Homocysteine: Biosynthesis and Health Implications


Series: New Developments in Medical Research
BISAC: MED106000

Table of Contents

In the aftermath of the discovery of the essential amino acid methionine in 1922, a new sulfur amino acid was discovered a decade later by Vincent DuVigneaud as a product of the degradation of methionine. This new amino acid, homocysteine, was found to be an important intermediate compound in the metabolism of methionine, cysteine and other sulfur amino acids through studies in animals. Although methylation reactions and one carbon metabolism were found to be related to the metabolism of homocysteine, little was known of the biomedical significance of this obscure sulfur amino acid in the 1950s.

The studies of children with mental retardation, dislocated optic lenses, osteoporosis and other skeletal abnormalities, and a propensity for arterial and venous thrombosis, revealed the new inherited disease homocystinuria in 1962. A new concept of the importance of homocysteine in human disease was developed after the chance observation of rapidly advancing arteriosclerosis in children with different inherited enzymatic abnormalities of homocysteine metabolism by Kilmer McCully in 1969. This concept led to the development of the Homocysteine Theory of Arteriosclerosis, which stimulated an extraordinary effort to understand the importance of homocysteine in human disease by investigators in laboratories and clinics worldwide. As a result of over 17,500 published investigations in subsequent years, the obscure sulfur amino acid homocysteine was elevated to the status of “the cholesterol of the 21st century” because of its prominent involvement in human vascular disease.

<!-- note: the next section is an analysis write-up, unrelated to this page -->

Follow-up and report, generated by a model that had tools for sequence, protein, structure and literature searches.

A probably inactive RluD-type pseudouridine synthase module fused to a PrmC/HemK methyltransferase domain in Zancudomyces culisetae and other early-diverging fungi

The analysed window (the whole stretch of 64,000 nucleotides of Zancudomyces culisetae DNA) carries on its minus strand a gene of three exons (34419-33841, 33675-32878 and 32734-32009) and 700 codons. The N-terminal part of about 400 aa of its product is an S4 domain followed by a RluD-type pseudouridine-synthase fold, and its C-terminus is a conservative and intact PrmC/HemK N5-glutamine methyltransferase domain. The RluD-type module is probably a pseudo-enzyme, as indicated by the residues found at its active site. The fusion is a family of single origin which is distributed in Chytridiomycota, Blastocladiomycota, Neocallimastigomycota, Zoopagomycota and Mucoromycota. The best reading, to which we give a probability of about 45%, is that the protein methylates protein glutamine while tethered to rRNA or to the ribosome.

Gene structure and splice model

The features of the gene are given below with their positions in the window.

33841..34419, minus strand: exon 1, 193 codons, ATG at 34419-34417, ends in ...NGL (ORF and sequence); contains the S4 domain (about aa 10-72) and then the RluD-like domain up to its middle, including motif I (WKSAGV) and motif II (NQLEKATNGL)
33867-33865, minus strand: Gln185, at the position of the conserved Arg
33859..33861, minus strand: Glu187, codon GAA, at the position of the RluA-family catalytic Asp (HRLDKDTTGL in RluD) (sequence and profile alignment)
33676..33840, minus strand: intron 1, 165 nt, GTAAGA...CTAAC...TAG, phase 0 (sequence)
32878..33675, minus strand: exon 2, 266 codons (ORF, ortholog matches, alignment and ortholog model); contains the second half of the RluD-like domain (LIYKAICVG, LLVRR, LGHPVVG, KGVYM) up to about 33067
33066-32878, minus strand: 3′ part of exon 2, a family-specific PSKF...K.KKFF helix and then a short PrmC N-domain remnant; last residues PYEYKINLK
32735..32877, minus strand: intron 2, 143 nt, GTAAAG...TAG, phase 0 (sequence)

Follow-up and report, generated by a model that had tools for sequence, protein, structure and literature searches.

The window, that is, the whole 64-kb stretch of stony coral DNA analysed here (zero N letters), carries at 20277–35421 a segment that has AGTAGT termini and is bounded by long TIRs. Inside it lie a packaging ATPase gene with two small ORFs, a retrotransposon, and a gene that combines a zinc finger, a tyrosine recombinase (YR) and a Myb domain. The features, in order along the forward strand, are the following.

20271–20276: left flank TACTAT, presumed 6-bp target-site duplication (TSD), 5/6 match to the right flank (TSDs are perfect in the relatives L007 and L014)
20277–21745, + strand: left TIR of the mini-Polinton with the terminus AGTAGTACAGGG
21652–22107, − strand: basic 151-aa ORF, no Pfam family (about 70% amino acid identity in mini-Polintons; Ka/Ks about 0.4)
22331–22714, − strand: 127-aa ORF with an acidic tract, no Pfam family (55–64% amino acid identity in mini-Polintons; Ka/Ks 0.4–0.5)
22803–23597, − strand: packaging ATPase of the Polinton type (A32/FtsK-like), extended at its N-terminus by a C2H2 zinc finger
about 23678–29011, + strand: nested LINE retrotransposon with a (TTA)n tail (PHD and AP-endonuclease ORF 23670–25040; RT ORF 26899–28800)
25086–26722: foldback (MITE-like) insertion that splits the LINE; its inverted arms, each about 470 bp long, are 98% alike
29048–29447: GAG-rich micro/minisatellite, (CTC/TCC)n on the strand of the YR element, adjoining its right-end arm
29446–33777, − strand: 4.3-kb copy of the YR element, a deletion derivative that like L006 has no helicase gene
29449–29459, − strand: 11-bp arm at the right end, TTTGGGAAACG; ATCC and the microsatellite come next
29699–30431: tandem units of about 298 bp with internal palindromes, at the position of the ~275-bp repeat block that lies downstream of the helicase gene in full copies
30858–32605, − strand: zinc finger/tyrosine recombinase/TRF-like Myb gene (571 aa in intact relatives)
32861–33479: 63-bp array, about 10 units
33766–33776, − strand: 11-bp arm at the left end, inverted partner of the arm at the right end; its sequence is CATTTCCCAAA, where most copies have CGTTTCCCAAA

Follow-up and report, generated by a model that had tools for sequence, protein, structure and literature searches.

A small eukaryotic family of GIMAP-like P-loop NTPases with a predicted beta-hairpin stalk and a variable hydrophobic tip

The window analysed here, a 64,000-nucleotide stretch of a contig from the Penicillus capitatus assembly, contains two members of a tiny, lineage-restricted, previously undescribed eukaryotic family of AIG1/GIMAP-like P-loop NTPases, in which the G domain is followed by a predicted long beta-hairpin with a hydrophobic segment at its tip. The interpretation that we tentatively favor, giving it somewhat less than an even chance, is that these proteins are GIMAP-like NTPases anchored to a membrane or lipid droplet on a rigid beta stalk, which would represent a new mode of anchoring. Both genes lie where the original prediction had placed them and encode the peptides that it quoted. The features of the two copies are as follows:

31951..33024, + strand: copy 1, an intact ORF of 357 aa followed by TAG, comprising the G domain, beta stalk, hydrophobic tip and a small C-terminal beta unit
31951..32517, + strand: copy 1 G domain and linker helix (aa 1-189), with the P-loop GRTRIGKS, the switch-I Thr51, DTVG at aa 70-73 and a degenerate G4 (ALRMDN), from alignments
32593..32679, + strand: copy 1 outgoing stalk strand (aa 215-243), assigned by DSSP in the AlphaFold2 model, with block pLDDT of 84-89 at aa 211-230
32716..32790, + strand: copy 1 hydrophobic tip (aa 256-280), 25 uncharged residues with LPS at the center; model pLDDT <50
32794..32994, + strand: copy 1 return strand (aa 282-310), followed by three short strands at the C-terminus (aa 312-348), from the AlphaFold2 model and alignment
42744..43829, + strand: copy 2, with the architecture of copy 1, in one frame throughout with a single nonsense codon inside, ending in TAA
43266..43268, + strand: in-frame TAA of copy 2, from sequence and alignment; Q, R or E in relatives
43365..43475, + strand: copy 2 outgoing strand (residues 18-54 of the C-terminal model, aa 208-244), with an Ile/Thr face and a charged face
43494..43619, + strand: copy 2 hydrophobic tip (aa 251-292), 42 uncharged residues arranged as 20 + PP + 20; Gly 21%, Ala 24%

Extensive human studies identified the elevation of plasma homocysteine as a potent, independent risk factor for vascular disease, including coronary heart disease, cerebrovascular disease, and peripheral vascular disease. Many other important human diseases were subsequently found to be affected by homocysteine, as described by the authors of several chapters in the present book. These diseases, many of which are correlated with aging, include neurodegenerative diseases and dementia, epilepsy, uremia, osteoporotic fractures, anemia of renal failure, infection by HIV+, glaucoma, macular degeneration, bariatric surgery for obesity, celiac disease and psoriasis. (Imprint: Nova Biomedical )


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